Voters to Decide Next Month Whether to Support Full-Time Firefighters in Oronogo

Voters to Decide Next Month Whether to Support Full-Time Firefighters in Oronogo

Next week, voters in and near the City of Oronogo will decide if they should increase property tax to pay for new, full-time firefighters.

Oronogo resident Kaylee Reynolds says it’s time to fire-up more support for a group of public servants.

“Firefighters have a lot of things they go through, training-wise, and a lot of health issues when they go through fire fights,” says Reynolds.

The Oronogo Fire Protection District was formed 27 years ago. Back then, 500 people lived in Oronogo. Now, the population is about 23-hundred.

“When we started the fire district, we were running in the neighborhood of 150 calls a year. Now we’re up well over 350,” says Oronogo Fire Protection Chief Charley Wilson.

That number takes into account the fire district also covering 22 square miles around the City of Oronogo. It can take seven minutes for volunteer firefighters to drive to Oronogo’s fire station after a 911 call, then suit-up for that emergency. Oronogo’s fire chief says a team of four, full-time firefighters would cut that response time to a minute, tops.

“There’s going to be times when there will be more paid personnel than the others (volunteer firefighters will remain), and we’ll do research and find out when those times are,” says Wilson.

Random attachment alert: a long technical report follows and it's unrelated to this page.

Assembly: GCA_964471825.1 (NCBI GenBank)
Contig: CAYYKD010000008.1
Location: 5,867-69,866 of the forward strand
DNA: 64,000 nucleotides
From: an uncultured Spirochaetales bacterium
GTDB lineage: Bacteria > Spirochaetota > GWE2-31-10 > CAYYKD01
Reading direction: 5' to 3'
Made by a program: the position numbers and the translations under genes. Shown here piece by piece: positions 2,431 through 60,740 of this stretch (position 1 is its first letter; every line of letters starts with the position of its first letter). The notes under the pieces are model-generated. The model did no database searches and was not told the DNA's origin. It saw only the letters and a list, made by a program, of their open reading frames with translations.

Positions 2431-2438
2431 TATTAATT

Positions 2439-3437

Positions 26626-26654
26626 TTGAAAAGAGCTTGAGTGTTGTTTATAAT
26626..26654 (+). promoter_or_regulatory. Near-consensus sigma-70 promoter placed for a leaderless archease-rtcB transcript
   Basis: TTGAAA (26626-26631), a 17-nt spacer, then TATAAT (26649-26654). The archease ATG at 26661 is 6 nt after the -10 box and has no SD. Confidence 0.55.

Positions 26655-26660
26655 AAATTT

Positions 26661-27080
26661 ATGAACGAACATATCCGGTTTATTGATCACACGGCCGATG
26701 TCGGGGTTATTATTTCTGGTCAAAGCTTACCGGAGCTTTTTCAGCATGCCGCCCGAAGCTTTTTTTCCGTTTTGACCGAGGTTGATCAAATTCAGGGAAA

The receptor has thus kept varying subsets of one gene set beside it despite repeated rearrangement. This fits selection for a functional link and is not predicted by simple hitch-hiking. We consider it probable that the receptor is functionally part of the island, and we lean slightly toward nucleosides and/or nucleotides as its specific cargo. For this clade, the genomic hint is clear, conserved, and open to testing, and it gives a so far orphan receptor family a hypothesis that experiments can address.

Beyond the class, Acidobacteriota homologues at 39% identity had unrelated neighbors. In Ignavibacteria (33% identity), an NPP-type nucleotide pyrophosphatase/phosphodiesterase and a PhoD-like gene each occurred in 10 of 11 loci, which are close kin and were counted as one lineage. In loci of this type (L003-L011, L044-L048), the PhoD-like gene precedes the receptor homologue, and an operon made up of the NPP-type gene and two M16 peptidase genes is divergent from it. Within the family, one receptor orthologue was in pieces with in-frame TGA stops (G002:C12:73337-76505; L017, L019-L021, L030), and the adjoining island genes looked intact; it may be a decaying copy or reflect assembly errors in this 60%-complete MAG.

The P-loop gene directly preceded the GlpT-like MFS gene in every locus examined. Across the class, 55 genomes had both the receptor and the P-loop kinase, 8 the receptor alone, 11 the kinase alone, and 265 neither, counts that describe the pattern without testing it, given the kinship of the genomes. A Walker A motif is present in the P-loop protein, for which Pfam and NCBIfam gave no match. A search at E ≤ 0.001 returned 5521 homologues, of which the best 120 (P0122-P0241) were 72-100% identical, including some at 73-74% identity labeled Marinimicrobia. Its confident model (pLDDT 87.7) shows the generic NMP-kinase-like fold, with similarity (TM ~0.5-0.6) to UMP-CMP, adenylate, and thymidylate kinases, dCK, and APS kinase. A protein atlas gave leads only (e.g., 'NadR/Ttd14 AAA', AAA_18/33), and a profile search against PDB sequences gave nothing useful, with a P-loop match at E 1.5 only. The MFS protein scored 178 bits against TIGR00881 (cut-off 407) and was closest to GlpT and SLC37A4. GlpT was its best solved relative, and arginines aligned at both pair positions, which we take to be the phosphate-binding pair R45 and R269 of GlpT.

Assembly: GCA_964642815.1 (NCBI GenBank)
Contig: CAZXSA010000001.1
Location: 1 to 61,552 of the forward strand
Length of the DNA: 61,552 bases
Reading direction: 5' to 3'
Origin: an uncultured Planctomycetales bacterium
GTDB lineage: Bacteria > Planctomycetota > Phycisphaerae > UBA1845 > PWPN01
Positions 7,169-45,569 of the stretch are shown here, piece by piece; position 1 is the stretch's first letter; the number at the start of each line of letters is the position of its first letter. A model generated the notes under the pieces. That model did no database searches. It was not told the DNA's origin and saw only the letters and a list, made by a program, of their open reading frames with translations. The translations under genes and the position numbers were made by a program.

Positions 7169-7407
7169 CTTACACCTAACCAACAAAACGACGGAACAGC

Insurance companies take note of how well-equipped a community is to fight fires efficiently and quickly; their rating scale is called an ISO rating. Oronogo and Joplin have the same ISO rating. Gary Price, an independent insurance agent, says that speaks well about Oronogo dedicated volunteer firefighters. But as Oronogo grows, Price says it’s important to ensure emergency response times don’t get longer with volunteer firefighters.

“What it’s going to do for homeowners, is save them a lot of money on their homeowner’s insurance premium,” says Price.

Oronogo’s fire chief says this tax proposal comes down to deciding to pay for safety now or later. Paying for it later, though, may include the “ultimate” price.

The tax would add 30 cents per $100 of assessed valuation. This tax issue will be decided a week from today, April 4th.

The Oronogo Fire Protection chief says the four paid full-time firefighters would keep busy during any down time by checking on fire hoses, hydrants, and equipment; such maintenance is required for a good ISO rating.